Monocrops of Annual Grains to Feed Humans are Destroying the Environment: False

Monocrop Consumption by LivestockWhile it’s true that monocrops are contributing to environmental destruction, the majority of these crops aren’t being fed to humans.

In fact, “The 7 billion livestock animals in the United States consume five times as much grain as is consumed directly by the entire American population.” [source]

That means for every acre of grain that’s grown for human consumption, 5 acres are grown for animal feed. If we stopped eating animal products, we would reduce the need for monocrops considerably while making polyculture on the large scale more viable and feasible.

For every acre of grain that's grown for human consumption, 5 acres are grown for animal feed. #vegan Click To Tweet

Again, the author draws false conclusions from available evidence to justify her dietary choices.

Vegans Want to Build a Fence Down the Middle of the Serengeti: False

The author shares an experience she had on a vegan forum where a small group of misguided and uneducated vegans proposed building a wall down the middle of the Serengeti to prevent the carnivores from eating the herbivores.

It’s important to note that this exchange can’t be verified, and those involved may not have been serious. This may have been sarcasm that escaped the author.

Although some vegans do believe we should protect all life at any cost, the true vegan philosophy is to “do the least amount of harm.” If we prevent carnivores from eating in their natural habitat, that goes against the true vegan values. It’s doing more harm than good. It would cause the carnivores to starve by depriving them of their food source. And by removing the natural predators from the environment, the herbivore population would explode, leading to disease and starvation.

The real issue here is that rational vegans believe humans were never meant to be part of the carnivorous food cycle. Our ancestors took us out of our place in the middle of the food chain and put us on top of it, which has thrown the whole system out of balance.

Returning to our rightful place in the food chain will restore a little balance to our ecosystem. Click To Tweet

I don’t think many vegans would advocate going back to our old spot in the food chain and allow carnivores to eat a few of us on a daily basis, but that doesn’t mean we need to continue eating animals on a daily basis, either. By returning to our rightful place in the food chain, we’ll be restoring at least a little balance to our ecosystem.

A Vegan Diet Is Not Sufficient Nutrition for the Human Body: False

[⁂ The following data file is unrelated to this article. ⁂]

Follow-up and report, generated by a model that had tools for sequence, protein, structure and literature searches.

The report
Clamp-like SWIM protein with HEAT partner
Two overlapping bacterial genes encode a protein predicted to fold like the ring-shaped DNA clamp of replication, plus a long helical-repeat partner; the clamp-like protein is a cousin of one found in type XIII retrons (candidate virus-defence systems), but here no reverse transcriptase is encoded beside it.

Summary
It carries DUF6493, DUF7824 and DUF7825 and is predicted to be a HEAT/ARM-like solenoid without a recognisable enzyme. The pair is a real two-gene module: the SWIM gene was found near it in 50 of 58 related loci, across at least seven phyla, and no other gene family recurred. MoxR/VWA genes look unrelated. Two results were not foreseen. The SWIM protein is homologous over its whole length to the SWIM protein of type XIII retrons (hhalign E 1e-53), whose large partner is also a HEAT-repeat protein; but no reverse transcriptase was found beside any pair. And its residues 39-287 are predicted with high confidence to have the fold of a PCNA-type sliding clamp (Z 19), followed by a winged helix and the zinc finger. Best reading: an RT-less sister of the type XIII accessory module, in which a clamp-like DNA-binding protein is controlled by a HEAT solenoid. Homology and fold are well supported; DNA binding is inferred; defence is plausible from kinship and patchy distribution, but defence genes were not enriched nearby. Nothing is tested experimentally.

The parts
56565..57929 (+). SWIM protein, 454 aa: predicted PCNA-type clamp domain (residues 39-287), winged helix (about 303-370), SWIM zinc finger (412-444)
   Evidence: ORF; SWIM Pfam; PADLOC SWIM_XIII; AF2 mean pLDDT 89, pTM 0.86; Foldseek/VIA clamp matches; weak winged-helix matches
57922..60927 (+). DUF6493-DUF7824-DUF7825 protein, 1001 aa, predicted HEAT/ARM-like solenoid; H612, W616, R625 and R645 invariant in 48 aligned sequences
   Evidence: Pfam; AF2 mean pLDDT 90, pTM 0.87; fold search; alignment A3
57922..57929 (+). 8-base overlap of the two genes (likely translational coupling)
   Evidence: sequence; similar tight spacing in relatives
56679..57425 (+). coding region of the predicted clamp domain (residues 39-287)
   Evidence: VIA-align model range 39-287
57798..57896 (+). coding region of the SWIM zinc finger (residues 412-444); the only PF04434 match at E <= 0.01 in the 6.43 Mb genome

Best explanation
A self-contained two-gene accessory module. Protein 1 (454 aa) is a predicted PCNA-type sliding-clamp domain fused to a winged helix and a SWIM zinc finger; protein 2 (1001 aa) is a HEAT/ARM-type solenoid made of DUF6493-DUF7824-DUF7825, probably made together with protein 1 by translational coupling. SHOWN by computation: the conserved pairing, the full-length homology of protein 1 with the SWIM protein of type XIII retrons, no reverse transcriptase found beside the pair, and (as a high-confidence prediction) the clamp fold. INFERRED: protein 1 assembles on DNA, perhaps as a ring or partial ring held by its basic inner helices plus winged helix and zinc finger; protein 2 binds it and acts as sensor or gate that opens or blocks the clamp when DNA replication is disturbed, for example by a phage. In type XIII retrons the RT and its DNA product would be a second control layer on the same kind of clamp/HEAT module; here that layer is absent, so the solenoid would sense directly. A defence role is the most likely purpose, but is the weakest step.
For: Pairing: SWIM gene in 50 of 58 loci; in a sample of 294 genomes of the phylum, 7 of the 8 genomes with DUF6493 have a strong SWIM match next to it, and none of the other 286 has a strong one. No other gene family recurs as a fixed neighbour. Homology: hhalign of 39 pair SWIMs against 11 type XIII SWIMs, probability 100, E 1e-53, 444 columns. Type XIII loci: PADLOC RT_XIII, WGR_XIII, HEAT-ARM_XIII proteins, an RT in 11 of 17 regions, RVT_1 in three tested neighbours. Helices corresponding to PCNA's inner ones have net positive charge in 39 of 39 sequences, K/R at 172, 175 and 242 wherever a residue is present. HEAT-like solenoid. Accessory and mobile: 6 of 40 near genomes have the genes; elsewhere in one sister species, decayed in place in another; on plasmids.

The author writes, “A Vegetarian diet – especially a low-fat version, and most especially a vegan one – is not sufficient nutrition for long-term maintenance and repair of the human body.”

She supports this claim with anecdotal evidence from her own health issues, which she has misattributed to her past vegan diet. In fact, decades of science support a whole-foods plant-based diet (WFPB), which is another name for a healthy vegan diet.

In countries that consume a high animal, low unrefined plant diet, the rates of heart disease and cancer increase predictably and consistently. Regions of the world that have yet to adopt the western diet of affluence don’t experience the same levels of these preventable diseases. [source]

If you consume the junk food vegan diet of highly processed foods with lots of added sugars, you won’t get enough nutrition to maintain your body. But if you eat a healthy, balanced, WFPB vegan diet, you’ll not only get enough nutrients, your body will thrive and your chance of dying early from a number of diseases including heart disease and cancer goes down dramatically.

Veganism Causes Depression Due to a Lack of Tryptophan: False

Tryptophan is an essential amino acid that we must get from the food we eat; our bodies can’t produce it. It’s linked to the production of serotonin in the brain, and many people believe that low serotonin levels may lead to depression. However, “This is a myth because countless scientific studies have specifically examined this theory and have come back universally rejecting it.” [source] Low serotonin levels have not been proven to cause depression.

Furthermore, the author states, “there are no good plant sources of tryptophan.” This is patently untrue. Here is a short list of just some plants that contain tryptophan: spirulina, soybeans (tofu), sesame seeds, sunflower seeds, oats, chickpeas, wheat flower, chocolate, rice, quinoa, potatoes, tamarind and banana. [source]